Sunday, August 16, 2015

A Day to Savor

If the San Francisco Giants publicity department had been empowered to script Sunday's game at the home field, they couldn't have topped what actually happened.

Thousands of fans received small copies of the statue at the park of Hall of Famer Juan Marichal, the great Giants pitcher of the 1960s.  Marichal was himself on hand, doing interviews with TV and radio.    In one such interview, Marichal recalled that in his last major league win, he struck out slugger Reggie Jackson three times.

In the actual game, Madison Bumgarner was on the mound, facing the Washington Nationals.  The last time he pitched to them, in Washington, two of the first three hitters hit home runs.  In Sunday's first inning he struck out the side.

When young Joe Ross also struck out the side in the first, a real pitchers' battle seemed in the offing,  Both pitchers went 1-2-3 in the second, although it took three good plays for MadBum.  After the high-scoring game Saturday night, the Giants announcers joked how much better they sounded when they had lots of hits and runs to describe.  Not like "another 1-2-3-inning," Duane Kiper said with exaggerated slowness.  Well, it looked like it could be that kind of game.

Then to start the third, Gregor Blanco got a seeing-eye hit up the middle, which still seemed as if it was an anomaly.  But then the Giants started teeing off on Ross.  Duffy and Belt just missed homers (as Crawford would later, by inches) but Hunter Pence didn't.  His titanic shot capped a 3 run inning.

Two more runs were driven in later, both by MadBum himself, with a double and his fourth home run of the season, a no-doubt-about-it drive into the stands in left.  Meanwhile, his pitching just got stronger.  And when the dust cleared....

Bumgarner had pitched his second complete game in a row, beginning and ending this 5-1 homestand.  He fanned 14, tying his career high.  And he became the second SF Giant pitcher to pitch a shutout, strike out at least 10 and homer in the same game.  The first?  Who else?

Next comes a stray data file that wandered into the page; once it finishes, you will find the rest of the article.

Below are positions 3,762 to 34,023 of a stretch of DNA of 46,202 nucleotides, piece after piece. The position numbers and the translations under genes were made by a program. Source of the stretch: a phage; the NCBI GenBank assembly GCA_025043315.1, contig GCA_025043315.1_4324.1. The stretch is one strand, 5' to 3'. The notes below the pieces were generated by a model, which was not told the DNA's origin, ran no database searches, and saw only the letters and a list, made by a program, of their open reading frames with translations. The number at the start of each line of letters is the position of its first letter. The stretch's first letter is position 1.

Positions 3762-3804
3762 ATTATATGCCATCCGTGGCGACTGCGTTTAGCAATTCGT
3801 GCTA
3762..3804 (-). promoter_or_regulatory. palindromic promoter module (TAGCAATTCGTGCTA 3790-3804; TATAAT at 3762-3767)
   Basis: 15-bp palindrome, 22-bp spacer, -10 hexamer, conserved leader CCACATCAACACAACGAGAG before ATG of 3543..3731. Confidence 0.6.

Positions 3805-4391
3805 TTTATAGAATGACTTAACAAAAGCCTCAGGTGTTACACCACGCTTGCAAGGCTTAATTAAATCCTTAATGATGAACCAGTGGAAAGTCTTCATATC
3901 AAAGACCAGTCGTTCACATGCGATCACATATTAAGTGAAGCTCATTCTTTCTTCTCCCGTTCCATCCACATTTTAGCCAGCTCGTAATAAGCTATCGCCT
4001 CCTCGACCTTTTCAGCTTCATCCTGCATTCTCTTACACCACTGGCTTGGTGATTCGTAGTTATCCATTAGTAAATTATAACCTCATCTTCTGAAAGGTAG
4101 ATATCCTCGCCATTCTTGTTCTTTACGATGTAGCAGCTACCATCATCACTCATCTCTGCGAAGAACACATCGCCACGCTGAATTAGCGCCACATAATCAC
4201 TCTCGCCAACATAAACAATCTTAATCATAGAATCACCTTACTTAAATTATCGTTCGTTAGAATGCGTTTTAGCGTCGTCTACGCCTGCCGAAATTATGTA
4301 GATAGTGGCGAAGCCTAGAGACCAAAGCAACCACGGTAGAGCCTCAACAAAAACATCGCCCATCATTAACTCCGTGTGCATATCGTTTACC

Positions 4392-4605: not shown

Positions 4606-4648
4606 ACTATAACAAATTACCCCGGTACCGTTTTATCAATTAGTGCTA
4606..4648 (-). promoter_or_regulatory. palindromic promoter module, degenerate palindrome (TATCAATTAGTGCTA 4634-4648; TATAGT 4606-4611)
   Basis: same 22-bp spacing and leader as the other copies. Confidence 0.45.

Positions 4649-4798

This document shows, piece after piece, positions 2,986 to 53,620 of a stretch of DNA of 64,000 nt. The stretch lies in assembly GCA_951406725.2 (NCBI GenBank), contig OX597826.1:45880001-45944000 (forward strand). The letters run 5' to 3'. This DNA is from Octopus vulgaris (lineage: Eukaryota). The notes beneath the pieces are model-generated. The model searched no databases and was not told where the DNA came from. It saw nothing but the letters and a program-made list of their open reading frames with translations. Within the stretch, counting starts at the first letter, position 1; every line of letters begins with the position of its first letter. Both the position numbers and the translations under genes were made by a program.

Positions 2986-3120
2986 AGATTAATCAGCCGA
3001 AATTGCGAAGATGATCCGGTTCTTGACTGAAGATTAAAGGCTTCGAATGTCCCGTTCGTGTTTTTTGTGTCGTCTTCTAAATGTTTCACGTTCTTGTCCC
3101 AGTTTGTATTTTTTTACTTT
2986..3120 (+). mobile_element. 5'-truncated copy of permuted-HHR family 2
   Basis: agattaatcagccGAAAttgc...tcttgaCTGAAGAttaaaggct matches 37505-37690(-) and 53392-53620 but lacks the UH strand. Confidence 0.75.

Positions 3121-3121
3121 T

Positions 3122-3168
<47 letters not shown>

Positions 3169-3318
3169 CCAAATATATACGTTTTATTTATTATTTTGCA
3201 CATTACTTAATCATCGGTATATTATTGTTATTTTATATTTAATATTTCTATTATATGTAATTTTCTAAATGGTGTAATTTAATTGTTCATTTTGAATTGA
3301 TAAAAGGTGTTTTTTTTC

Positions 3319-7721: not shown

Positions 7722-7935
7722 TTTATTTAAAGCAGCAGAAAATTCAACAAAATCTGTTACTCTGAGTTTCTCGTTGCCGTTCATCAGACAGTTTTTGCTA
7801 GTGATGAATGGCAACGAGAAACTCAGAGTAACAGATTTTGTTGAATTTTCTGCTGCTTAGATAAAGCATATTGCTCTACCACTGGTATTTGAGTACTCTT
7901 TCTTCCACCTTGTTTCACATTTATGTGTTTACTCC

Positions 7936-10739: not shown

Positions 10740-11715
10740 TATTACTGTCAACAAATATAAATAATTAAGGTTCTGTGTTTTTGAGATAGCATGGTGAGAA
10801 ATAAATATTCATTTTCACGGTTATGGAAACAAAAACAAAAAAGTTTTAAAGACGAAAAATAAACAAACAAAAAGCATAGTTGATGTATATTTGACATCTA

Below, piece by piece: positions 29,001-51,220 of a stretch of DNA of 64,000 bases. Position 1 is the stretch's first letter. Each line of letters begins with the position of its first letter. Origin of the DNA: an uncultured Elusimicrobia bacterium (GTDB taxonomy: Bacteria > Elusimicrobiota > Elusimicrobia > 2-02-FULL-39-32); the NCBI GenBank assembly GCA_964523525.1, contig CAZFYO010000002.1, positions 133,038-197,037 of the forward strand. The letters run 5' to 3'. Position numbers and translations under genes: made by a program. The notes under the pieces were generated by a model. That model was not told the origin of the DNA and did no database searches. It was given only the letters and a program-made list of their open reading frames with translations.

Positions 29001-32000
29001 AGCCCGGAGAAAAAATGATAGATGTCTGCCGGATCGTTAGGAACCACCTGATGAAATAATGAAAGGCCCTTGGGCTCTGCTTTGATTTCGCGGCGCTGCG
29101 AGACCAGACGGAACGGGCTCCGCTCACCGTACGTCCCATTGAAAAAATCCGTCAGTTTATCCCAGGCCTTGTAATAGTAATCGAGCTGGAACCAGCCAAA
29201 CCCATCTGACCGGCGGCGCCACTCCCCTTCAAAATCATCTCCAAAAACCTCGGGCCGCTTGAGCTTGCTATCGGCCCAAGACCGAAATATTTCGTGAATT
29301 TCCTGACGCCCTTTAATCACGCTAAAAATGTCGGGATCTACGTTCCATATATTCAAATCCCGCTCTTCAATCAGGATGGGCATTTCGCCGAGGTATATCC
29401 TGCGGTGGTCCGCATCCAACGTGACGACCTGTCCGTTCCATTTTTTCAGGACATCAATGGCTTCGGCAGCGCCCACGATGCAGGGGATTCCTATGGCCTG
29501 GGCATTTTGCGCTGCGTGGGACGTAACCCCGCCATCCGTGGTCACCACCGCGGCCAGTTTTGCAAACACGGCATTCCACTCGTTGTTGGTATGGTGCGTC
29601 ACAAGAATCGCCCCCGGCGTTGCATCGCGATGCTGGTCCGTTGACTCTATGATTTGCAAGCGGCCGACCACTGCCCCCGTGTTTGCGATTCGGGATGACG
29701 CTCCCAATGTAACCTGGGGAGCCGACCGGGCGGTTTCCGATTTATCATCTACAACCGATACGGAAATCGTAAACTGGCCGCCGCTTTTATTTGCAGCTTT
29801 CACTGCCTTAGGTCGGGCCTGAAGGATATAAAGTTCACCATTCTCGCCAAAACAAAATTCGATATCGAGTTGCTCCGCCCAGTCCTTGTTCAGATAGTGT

Juan Marichal.

The only two Giant pitchers to do that were in the stadium at the same time, separated in their playing time by some 40 years.

Incidentally, after Marichal's Reggie Jackson story, Bumgarner matched him--he struck out one of baseball's top hitters this year, Bryce Harper, three times.  And added fanning the Nationals' leadoff hitter four times.  Sunday's 5-0 game completed the 4-game sweep of Washington, and one upped the Giants in the season series now completed, those 4 to the 3 game sweep the Nats inflicted in July.

This was, as announcer Jon Miller said, a day to savor.  And if you were there, a program to carefully put away to keep.

Now the Giants head out for a fateful 7 game road trip--3 games in St. Louis against the club with the most wins in baseball, and 4 games in Pittsburgh against the team with the second best record in baseball.  (Washington's only solace this weekend was that the Bucs swept the Mets, and so the Nats didn't lose any more ground in their division race.)

But let's stay with that a second--the Pirates went into New York against one of the three hottest teams in baseball, and swept them on the road, in two extra-inning games and in what was a close low-scoring game on Sunday until the 7th, when Pirates bats erupted. Alex Ramirez struck the fatal double, one of his four hits. They ended up winning 8-1.

So now my mind games begin.  Every Giants victory against St. Louis not only helps them, but may help the Pirates.  I'd be happy with a split in Pittsburgh.  But frankly a 3-4 trip would be really okay.

The Giants may be further bouyed by pitcher Mike Leake and catcher
Andrew Susak coming off the DL, and Aoki is expected to be ready when his concussion DL is up.  So Leake may be available for a start in St. Louis, Susak may be as well, but all three are likely to be active when the team is in Pittsburgh.
The news on Joe Panik is less positive--just more medical consultations about his back.

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